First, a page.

By Steve Kuehn, Managing Editor
IS THERE A MORE apt sports metaphor for an engineer's professional life than golf? Granted, baseball and football fans may beg to differ, but there are few who can deny that the challenges of that game mirror well the trials and tribulations you face as you walk along the fairways and bunkers of your process industry careers.
Without belaboring the point too much, both golfers and engineers require specialized implements, fine and gross motor skills, specific training, constant practice and experience to be successful. Patience, stamina and good humor are key factors to winning, as well as a finely tuned set of senses to help overcome the challenges of whatever course you're playing on. It’s likely you’re getting the picture being painted here.
There are so many things that can affect your play and how well you do professionally, but like the par system in golf, there is a common measure to help everyone gauge how well they are playing compared to each other and that’s how much one earns.
On Par or Better
From this year’s CONTROL magazine 15th annual salary survey, we learned that respondents are earning salaries on par with current industry averages. According to EngineerSalary.com’s Engineering Salary Calculator, a person with a bachelor’s in chemical engineering, 15 years experience and a job as a chemical process/production engineer in a mid-sized company should be garnering a salary of approximately $80,000 annually. Of the more than 800 respondents, the majority earned salaries in that range or above with similar educational and vocational career paths. This echoes similar results from last year’s survey and reflects a continuation to the stability of salary levels over the last three to four years which, in retrospect, put an end to the salary erosion experienced by many during the last recession. The good news for professionals who are either beginning their careers or that are in the sweet spot ( with 10 or more years of experience), there is mounting evidence that demand for their skills is growing and that salaries they will command will rise as the Baby Boomer generation retires.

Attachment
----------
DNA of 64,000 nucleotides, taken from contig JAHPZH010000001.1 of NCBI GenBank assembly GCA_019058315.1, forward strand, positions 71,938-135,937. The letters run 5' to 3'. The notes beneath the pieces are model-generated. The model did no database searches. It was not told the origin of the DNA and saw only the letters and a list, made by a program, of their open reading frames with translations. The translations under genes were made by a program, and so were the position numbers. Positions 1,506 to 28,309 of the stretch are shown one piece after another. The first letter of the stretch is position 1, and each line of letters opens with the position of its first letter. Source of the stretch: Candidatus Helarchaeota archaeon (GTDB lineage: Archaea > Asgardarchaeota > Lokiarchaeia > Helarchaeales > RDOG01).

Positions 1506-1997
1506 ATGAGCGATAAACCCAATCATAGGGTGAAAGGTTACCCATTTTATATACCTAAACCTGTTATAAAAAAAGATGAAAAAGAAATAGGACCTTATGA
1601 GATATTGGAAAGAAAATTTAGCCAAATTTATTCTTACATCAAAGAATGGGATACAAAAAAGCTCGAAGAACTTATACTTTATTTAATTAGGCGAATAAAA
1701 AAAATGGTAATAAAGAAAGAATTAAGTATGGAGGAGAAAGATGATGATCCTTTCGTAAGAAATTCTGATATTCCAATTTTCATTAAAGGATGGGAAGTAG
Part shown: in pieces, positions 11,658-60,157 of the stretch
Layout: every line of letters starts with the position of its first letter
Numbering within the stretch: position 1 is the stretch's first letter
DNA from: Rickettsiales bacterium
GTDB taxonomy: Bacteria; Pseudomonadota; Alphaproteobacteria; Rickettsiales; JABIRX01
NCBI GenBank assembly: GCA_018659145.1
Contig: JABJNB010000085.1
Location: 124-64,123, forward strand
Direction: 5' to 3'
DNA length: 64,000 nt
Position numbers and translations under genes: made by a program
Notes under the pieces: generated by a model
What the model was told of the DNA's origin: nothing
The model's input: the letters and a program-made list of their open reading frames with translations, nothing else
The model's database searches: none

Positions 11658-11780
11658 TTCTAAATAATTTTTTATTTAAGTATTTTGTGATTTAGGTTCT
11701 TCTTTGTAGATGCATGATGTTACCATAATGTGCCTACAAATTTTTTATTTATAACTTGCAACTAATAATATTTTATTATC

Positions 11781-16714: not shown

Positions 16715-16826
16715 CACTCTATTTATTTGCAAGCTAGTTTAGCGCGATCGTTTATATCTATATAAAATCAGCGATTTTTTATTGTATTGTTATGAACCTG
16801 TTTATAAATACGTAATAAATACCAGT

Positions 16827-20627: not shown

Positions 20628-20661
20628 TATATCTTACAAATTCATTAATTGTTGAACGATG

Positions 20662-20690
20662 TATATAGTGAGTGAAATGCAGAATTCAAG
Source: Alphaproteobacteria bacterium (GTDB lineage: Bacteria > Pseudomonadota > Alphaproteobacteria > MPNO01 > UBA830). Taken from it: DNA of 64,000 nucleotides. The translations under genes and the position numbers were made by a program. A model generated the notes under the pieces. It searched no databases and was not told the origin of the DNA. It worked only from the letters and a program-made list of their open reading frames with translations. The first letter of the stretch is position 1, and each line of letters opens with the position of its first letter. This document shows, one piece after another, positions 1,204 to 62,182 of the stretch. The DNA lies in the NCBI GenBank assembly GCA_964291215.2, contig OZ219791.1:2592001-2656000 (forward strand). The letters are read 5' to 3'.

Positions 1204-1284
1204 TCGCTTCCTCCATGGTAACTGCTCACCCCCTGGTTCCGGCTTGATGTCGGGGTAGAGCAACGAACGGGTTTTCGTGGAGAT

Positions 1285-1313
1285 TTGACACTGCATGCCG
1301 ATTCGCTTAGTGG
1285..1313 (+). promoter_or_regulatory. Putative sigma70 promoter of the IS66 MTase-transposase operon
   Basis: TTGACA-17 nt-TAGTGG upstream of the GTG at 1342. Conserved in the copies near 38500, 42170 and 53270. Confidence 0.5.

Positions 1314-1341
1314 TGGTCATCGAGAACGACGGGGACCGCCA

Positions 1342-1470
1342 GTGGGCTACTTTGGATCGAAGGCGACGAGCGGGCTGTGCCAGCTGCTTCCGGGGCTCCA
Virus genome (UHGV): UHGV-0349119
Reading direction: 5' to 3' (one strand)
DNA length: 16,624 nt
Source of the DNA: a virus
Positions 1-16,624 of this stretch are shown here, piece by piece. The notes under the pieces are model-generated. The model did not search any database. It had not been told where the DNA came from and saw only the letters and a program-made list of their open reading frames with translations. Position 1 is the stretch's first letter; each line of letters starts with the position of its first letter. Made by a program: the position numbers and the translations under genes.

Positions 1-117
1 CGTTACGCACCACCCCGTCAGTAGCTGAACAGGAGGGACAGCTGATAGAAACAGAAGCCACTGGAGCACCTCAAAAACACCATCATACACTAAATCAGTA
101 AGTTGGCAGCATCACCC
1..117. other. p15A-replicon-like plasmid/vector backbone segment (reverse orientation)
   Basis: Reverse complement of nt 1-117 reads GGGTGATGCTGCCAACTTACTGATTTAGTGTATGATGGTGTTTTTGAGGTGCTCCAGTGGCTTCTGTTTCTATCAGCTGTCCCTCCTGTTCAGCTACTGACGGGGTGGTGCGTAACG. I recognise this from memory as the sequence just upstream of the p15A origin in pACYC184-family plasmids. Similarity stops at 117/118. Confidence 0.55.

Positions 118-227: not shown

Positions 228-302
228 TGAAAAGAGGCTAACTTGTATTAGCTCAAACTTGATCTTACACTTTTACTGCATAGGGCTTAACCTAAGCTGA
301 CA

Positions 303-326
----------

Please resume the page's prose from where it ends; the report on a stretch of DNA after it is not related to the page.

Compounding this trend is the fact that precious few are taking up the profession, further shrinking this pool of skilled labor.